Miami-Dade Mayor Carlos Gimenez on Tuesday proposed a county budget for next year that, to avoid a property-tax rate hike, would eliminate hundreds of police jobs, close a golf course, trim hours at Zoo Miami, and raise Metrorail and Metrobus fares for the second year in a row.
Public libraries would remain open — but with far fewer full-time librarians. Two successful programs to help youth offenders would be scrapped. Subsidies for community-based organizations that provide social services would get a 10 percent cut.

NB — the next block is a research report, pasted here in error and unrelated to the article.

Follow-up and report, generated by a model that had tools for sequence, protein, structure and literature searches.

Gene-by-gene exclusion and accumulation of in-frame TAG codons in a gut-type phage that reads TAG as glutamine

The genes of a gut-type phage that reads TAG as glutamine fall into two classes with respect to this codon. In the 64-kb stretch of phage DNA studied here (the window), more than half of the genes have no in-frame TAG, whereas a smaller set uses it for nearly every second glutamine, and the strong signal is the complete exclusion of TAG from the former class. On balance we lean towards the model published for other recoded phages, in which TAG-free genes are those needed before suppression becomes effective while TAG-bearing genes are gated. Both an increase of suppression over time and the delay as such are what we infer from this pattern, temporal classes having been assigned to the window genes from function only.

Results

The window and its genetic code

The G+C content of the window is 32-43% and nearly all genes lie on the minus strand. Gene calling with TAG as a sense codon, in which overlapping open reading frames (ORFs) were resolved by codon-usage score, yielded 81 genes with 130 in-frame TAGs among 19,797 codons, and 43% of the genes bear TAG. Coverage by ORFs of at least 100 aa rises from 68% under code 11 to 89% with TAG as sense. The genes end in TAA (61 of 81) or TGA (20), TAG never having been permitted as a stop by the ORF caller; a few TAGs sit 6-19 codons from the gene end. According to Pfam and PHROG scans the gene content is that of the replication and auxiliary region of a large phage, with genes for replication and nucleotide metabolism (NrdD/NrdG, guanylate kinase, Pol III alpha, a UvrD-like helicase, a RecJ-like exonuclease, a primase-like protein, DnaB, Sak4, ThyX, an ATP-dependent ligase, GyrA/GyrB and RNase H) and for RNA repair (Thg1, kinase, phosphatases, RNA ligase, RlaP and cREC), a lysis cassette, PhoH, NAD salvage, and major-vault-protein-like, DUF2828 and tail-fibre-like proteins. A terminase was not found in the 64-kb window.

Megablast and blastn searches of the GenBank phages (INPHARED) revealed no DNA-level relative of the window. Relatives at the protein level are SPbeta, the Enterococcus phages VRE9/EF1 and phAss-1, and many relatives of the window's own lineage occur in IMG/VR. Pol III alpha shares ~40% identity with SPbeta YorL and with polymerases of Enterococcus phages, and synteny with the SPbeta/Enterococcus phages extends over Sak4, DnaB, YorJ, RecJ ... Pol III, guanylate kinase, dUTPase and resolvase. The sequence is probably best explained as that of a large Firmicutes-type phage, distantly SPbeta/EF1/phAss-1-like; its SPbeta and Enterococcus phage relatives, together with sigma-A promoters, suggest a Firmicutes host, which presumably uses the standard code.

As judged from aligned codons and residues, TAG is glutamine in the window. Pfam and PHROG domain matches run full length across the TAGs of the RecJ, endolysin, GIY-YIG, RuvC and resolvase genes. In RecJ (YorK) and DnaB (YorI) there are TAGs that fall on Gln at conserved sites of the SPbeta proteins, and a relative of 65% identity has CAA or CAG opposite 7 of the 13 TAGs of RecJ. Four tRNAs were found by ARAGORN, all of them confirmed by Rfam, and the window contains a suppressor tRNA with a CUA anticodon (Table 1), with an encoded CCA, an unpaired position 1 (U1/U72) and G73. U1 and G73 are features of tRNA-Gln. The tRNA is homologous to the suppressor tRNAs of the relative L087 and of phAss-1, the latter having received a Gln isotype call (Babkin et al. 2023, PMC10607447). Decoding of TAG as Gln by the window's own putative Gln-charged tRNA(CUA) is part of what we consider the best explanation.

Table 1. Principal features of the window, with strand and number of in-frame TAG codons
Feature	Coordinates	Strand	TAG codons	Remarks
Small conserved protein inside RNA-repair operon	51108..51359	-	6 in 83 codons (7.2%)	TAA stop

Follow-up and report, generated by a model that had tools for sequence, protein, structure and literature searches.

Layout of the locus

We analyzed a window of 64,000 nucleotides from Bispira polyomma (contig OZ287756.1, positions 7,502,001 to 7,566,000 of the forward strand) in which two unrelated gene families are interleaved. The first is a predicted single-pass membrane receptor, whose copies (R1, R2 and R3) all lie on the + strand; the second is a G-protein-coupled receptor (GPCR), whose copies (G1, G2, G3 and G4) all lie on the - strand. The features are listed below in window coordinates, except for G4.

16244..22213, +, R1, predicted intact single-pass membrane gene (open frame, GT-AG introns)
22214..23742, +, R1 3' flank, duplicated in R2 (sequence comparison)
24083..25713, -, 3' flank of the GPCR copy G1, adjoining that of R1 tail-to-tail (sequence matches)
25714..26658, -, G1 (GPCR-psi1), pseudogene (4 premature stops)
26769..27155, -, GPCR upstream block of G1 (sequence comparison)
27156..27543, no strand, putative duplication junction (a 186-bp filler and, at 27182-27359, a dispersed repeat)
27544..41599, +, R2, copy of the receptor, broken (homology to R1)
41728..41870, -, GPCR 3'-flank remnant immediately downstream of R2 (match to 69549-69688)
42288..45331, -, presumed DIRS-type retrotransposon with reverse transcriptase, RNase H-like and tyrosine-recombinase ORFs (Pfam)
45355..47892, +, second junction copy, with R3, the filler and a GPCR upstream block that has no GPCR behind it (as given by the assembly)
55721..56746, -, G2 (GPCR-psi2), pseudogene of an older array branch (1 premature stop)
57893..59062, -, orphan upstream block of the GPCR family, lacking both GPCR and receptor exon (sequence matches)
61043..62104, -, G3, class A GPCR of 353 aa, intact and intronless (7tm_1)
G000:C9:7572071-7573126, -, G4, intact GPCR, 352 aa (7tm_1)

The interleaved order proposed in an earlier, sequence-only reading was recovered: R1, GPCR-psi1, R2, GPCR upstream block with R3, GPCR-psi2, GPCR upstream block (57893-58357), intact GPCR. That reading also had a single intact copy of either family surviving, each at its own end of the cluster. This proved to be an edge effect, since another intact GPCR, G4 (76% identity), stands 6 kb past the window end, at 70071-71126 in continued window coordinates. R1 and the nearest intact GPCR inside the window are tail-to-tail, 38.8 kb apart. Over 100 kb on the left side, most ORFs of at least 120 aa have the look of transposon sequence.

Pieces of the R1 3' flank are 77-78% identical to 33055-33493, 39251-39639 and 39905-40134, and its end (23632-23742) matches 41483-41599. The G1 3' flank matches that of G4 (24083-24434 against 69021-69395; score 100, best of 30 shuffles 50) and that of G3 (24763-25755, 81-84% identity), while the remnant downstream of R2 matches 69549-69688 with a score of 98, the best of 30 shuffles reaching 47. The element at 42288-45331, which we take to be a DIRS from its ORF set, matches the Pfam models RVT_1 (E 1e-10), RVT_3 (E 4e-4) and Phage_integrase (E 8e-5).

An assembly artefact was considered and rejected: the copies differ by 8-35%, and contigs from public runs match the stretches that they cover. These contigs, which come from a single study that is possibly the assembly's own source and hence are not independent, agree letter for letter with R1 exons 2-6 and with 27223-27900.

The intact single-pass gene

To close a $64 million budget deficit, 674 positions would be eliminated across county government, which has a work force of about 25,000. Because many of the jobs are already vacant, it’s likely that the number of actual pink slips would be smaller.
The tax rate set each year by county commissioners would remain flat under Gimenez’s 2014-15 proposal. A separate portion of taxes that pays for voter-approved construction projects would go up 6 percent, thanks largely to last year’s $830 million bond referendum for the Jackson Health System.
A homeowner in an unincorporated neighborhood such as Kendall with a taxable property value of $200,000 would pay an additional $5.34 in county taxes, which are only part of a total tax bill. That’s without taking into account any increase in property values, which rose by an average of 6.8 percent in Miami-Dade this year.